Before Makar arrived in Denver, he was playing at UMass-Amherst with San Jose defensive prospect Mario Ferraro. While Makar made the jump to the NHL first, he seemed to believe Ferraro would be able to do the same eventually.

"Hardest-working guy I've ever met and played with my entire life," Makar said of Ferraro to the Mercury News' Curtis Pashelka, shortly after the Sharks signed Ferraro to an entry-level contract in April.

Fast-forward a few months, and Ferraro is ever closer to joining Makar at the NHL level. He was very impressive in San Jose's recently completed prospect development camp, and -- given the offseason developments with the Sharks' roster -- he could arrive sooner rather than later.

Mario Ferraro

Draft year, position: 2017, second round (No. 49 overall)
Position: Defenseman
Shoots: Left
Height: 5-foot-11
Weight: 185 pounds
2018-19 team: UMass-Amherst (NCAA)

Skill set

Ferraro's best skill likely is his motor. He's the energizer bunny out on the ice.

"One of the most high-energy guys you've ever seen, he does not have a bad day," Sharks director of scouting Doug Wilson Jr. said of Ferraro during the development camp.

"Early in the scrimmage, I thought he kind of carried the play," said Barracuda coach Roy Sommer. "Kind of a hard guy to play against."

Ferraro is a smooth skater with near top-end speed. His shot is solid, but not spectacular. He's an adept passer, and has advanced hockey IQ for a player his age. At 5-foot-11 and 185 pounds, he isn't the biggest defensemen, but he doesn't shy away from physical play. 

Training-camp proving ground

As things currently stand, the Sharks' top-six group of defensemen appears to be set. On the right side, San Jose has former Norris Trophy winners Erik Karlsson and Brent Burns, as well as Tim Heed. On the left, the Sharks have Marc-Edouard Vlasic, Brenden Dillon and Radim Simek. Jacob Middleton could be a factor, too.

That doesn't appear to leave much room at the moment for Ferraro, who shoots left. However, there's reason to believe things could change in the relatively near future.

Dillon -- who also shoots left -- is due to become an unrestricted free agent next offseason, and given the financial constraints San Jose is likely to face over the next several years, it's reasonable to assume the Sharks won't be able to re-sign him, given what he could command on the open market. Additionally, if the Sharks are going to make a trade for salary relief any time soon, Dillon seems like one of the obvious candidates to be included.

Ferraro is unlikely to unseat any of the current top-six in training camp, but if he can show the Sharks' brass that he is ahead of schedule and capable of competing at the NHL level, it could open up some options for San Jose moving forward.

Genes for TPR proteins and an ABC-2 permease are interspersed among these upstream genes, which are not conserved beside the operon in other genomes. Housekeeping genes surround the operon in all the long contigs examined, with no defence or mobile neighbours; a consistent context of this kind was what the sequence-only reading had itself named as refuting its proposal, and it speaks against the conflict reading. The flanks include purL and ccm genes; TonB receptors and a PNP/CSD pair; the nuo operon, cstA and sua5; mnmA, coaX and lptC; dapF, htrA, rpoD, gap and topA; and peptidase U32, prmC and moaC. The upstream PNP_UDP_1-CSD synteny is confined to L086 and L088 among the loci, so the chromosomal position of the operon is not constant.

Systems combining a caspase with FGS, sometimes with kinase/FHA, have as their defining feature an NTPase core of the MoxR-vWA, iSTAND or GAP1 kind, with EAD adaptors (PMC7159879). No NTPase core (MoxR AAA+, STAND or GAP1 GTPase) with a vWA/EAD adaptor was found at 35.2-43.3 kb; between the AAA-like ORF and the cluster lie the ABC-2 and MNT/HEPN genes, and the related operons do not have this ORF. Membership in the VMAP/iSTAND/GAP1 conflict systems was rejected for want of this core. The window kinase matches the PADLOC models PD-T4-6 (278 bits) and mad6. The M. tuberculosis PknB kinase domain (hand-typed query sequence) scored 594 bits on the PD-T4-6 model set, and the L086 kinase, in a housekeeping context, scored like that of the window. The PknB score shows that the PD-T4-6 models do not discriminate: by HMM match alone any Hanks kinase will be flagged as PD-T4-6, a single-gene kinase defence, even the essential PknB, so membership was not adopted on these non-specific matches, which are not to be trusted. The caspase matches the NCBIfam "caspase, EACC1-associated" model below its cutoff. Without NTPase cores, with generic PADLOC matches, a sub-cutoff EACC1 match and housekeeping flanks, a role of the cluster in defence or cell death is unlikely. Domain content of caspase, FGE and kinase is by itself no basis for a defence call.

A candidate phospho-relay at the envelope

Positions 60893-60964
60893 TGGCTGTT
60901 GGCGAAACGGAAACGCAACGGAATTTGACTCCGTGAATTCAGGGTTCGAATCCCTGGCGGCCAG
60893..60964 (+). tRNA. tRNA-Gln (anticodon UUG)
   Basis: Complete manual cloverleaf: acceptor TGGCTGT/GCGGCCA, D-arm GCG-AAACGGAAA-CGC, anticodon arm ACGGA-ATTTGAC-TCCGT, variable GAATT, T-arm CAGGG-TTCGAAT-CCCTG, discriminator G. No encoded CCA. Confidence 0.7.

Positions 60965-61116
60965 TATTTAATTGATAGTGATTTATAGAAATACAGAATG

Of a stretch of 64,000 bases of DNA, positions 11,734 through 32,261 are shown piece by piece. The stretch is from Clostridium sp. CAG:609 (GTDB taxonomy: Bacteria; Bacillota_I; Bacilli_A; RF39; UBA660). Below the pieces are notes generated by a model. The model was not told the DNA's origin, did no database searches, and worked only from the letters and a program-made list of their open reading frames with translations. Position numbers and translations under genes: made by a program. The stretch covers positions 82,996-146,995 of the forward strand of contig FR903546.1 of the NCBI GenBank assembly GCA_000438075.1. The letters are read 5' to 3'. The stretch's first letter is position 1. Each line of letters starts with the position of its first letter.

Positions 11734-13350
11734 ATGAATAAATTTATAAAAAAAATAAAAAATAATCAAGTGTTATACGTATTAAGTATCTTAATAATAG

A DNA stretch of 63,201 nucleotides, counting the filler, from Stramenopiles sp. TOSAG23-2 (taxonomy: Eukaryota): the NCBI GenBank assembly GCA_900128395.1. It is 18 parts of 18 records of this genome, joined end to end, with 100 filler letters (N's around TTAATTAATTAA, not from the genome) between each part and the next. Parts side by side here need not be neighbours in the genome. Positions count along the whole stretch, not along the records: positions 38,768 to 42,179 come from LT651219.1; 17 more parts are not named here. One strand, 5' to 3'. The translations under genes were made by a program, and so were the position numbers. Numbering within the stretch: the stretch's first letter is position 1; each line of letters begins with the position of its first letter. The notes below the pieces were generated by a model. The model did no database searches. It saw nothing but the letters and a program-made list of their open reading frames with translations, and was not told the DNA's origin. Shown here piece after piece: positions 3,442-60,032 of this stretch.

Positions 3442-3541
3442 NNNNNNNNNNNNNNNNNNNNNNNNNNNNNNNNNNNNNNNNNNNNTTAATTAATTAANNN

Best-case scenario

Ferraro builds off the momentum he generated at the development camp and carries it through training camp, leaving the Sharks no decision but to push him straight from college to the NHL, just like his former UMass-Amherst teammate Makar.

Ferraro dazzles during training camp and claims one of the spots on the Sharks' third defensive pairing. With so much attention focused on the likes of Karlsson and Burns, Ferraro is permitted the time and space to properly learn on the job while being tutored by some of the best players at his position in the entire world.

While he doesn't garner any Calder Trophy votes, Ferraro gains valuable experience in a lengthy Sharks' playoff run and proves to be a logical and obvious eventual replacement for Vlasic.

Worst-case scenario

Ferraro's strong performance at the development camp goes to his head, and the motor that has been his calling card suddenly stalls.

He underwhelms at training camp, and gets dismissed early on, sent down to the AHL with the Barracuda. He remains there all season, and never recaptures the promise that had Sharks coaches so excited.

San Jose then is forced to go further into salary cap treachery, understanding they don't have a realistic internal option to fill Dillon's resulting void.

[RELATED: How Gambrell can earn full-time role with Sharks this year]

Realistic expectations

He's 20 years old!

Expecting Ferraro to go straight from the Frozen Four to the NHL is unfair, to say the least. That just doesn't happen very often, Makar being an obvious exception.

Ferraro continues along his current trajectory, impressing Sharks coaches in training camp, but not enough to expedite his promotion. He spends the majority of the season with the Barracuda, where he solidifies his status as the Sharks' top defensive prospect (Ryan Merkley will also have a say).

He makes his NHL debut as a temporary injury replacement late in the regular season, and enters the following season's training camp earmarked for a spot in San Jose's top-six. 

Sharks prospects to watch: Dylan Gambrell can earn full-time NHL role

gambrellusatsi.jpg